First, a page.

Young Shakespeare

After reading my post THE TRUTH ABOUT SHAKESPEARE, I received a request from a reader asking that I write about Shakespeare’s great grandson updating Shakespeare’s manuscripts for the sake of today’s teens.  

Chad Shakespeare hated his last name. It seemed he couldn’t make it through one single day without someone asking,

“Wait. Shakespeare. Are you related to the Shakespeare?”

“If you mean the Shakespeare, as in William Shakespeare, then yeah, I am.”

And the flurry of questions would ensue. Do you write? (No.) How are you related to him? (He was his great, great, great et cetera grandfather.) What’s it like being related to the greatest writer in the English language? (What’s it like being related to some dead relative you never met?)

Chad considered changing his last name. Chad Shake. Chad Speare. When he mentioned this idea to his mother, she clutched her throat as though she were choking. (At first Chad didn’t notice. He was in the middle of playing Grand Theft Auto and his mother had to bang on the coffee table to get his attention.) Changing his last name would kill her, she announced. Forget her high cholesterol and type 2 diabetes! Those were no threat compared to the notion of removing the beloved Shakespeare name from the family. That would put her in the grave quicker than any stroke.

Something had to be done. When Chad asked Kelly, a coworker at Moo Burger, out for a date, she wrinkled her nose and said,

“Umm, no thanks. I’d rather not go back to your mom’s house and play video games.”

Chad quickly realized he needed to use his last name to his advantage.

“How about going back to my place and you can read some of my Grandpa Shakespeare’s sonnets instead?” he asked.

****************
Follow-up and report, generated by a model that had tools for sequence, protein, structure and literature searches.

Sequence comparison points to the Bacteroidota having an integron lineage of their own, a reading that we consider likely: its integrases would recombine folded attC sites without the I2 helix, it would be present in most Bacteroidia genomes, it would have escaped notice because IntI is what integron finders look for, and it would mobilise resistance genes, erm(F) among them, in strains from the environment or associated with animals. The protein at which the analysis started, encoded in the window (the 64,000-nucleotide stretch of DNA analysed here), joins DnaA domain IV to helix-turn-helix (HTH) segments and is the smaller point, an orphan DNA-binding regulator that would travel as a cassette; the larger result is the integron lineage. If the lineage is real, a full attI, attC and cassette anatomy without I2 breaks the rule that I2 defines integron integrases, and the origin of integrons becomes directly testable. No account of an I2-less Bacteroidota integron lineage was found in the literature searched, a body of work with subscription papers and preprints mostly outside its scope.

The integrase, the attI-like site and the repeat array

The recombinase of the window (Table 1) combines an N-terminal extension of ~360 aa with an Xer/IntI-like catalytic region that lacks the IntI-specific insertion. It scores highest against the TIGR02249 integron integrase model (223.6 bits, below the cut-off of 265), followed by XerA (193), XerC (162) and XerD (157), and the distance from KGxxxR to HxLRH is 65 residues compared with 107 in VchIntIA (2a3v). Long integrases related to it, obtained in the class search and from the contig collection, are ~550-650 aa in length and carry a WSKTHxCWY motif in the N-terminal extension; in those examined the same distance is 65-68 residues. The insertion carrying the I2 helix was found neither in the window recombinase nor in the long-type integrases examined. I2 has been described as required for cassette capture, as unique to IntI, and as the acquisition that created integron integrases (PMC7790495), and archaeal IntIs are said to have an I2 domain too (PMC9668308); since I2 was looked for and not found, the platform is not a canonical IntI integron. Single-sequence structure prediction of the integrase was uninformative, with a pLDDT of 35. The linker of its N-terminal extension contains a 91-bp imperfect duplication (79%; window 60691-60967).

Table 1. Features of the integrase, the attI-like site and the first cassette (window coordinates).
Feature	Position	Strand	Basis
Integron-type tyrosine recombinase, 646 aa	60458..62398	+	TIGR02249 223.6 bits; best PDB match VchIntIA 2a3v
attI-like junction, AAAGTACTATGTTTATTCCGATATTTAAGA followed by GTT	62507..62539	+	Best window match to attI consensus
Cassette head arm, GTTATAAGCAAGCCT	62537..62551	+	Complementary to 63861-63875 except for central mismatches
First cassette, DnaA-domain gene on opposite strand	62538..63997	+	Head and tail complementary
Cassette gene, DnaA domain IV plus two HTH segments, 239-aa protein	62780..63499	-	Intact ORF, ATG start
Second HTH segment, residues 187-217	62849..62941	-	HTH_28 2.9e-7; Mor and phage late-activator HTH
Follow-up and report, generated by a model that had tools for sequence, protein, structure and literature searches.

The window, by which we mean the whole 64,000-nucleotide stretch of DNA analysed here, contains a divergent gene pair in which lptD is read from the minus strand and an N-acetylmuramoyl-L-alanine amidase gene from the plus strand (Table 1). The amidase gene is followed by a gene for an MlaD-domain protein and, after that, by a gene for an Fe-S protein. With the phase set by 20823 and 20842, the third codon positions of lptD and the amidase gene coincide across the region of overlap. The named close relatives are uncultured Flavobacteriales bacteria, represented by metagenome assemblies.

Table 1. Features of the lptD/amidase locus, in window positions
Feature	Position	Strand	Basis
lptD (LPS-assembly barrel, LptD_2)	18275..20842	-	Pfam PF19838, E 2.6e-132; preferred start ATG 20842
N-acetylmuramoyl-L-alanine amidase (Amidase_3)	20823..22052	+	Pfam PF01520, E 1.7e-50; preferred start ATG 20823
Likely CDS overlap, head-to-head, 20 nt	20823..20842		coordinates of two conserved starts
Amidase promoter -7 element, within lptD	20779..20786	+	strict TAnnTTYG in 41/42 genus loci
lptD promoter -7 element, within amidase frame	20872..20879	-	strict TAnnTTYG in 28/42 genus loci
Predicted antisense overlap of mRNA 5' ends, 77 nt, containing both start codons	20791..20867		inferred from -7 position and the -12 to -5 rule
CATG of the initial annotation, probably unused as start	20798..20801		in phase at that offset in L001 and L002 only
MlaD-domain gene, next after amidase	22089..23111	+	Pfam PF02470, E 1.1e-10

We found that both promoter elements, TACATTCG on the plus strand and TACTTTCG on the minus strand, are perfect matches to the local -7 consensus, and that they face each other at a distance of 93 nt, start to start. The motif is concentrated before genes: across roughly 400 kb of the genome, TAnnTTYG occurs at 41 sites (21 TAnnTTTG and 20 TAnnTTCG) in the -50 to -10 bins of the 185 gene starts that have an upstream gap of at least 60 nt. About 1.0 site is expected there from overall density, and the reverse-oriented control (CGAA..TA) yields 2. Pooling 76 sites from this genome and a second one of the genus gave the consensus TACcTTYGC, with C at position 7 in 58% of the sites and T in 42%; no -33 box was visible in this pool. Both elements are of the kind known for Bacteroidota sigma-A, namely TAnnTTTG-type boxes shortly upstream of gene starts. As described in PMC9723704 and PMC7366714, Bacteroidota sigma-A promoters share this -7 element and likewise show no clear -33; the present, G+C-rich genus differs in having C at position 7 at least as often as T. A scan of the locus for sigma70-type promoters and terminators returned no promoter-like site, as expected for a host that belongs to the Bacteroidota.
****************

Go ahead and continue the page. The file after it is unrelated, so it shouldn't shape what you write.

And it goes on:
Kelly paused, her hand suspended over the Moo Burger cash register. “Grandpa Shakespeare? You call him Grandpa?”

“I mean Grandfather. Would you like to read some of my Grandfather Shakespeare’s sonnets? We got all of them, since he was my grandfather. And all of his plays. Those too.”

Kelly studied him for a moment. “No thanks. I can read his sonnets anywhere. Plus, I’ve already read most of them.”

Chad’s shoulders slumped. He had been hopeful that Kelly would have agreed to the date after she helped him refill the ketchup containers earlier in their shift. He could have sworn she purposely brushed her wrist against his when they were stacking the paper Dixie cups into towers. But of course she had read the sonnets! Who hadn’t? That was the whole reason it was such a big deal being related to the old fart. Everyone loved what the guy wrote.

That night, Chad took one of the Shakespeare Sonnet volumes down from the bookshelf in his den. By looking at it, he would never have known he was related to the author. The pages felt brand new and were adhered to one another as though they had never been touched. In fact, the book still had the price tag stuck on the back (bought at a discount store, by the looks of it). Chad flipped through the pages and skimmed the words.

Whoa! What have we here? Faults by lies we flattered be? Forbear to glance thine eye aside? And thous shalt find it merits not reproving? What the hell was he reading?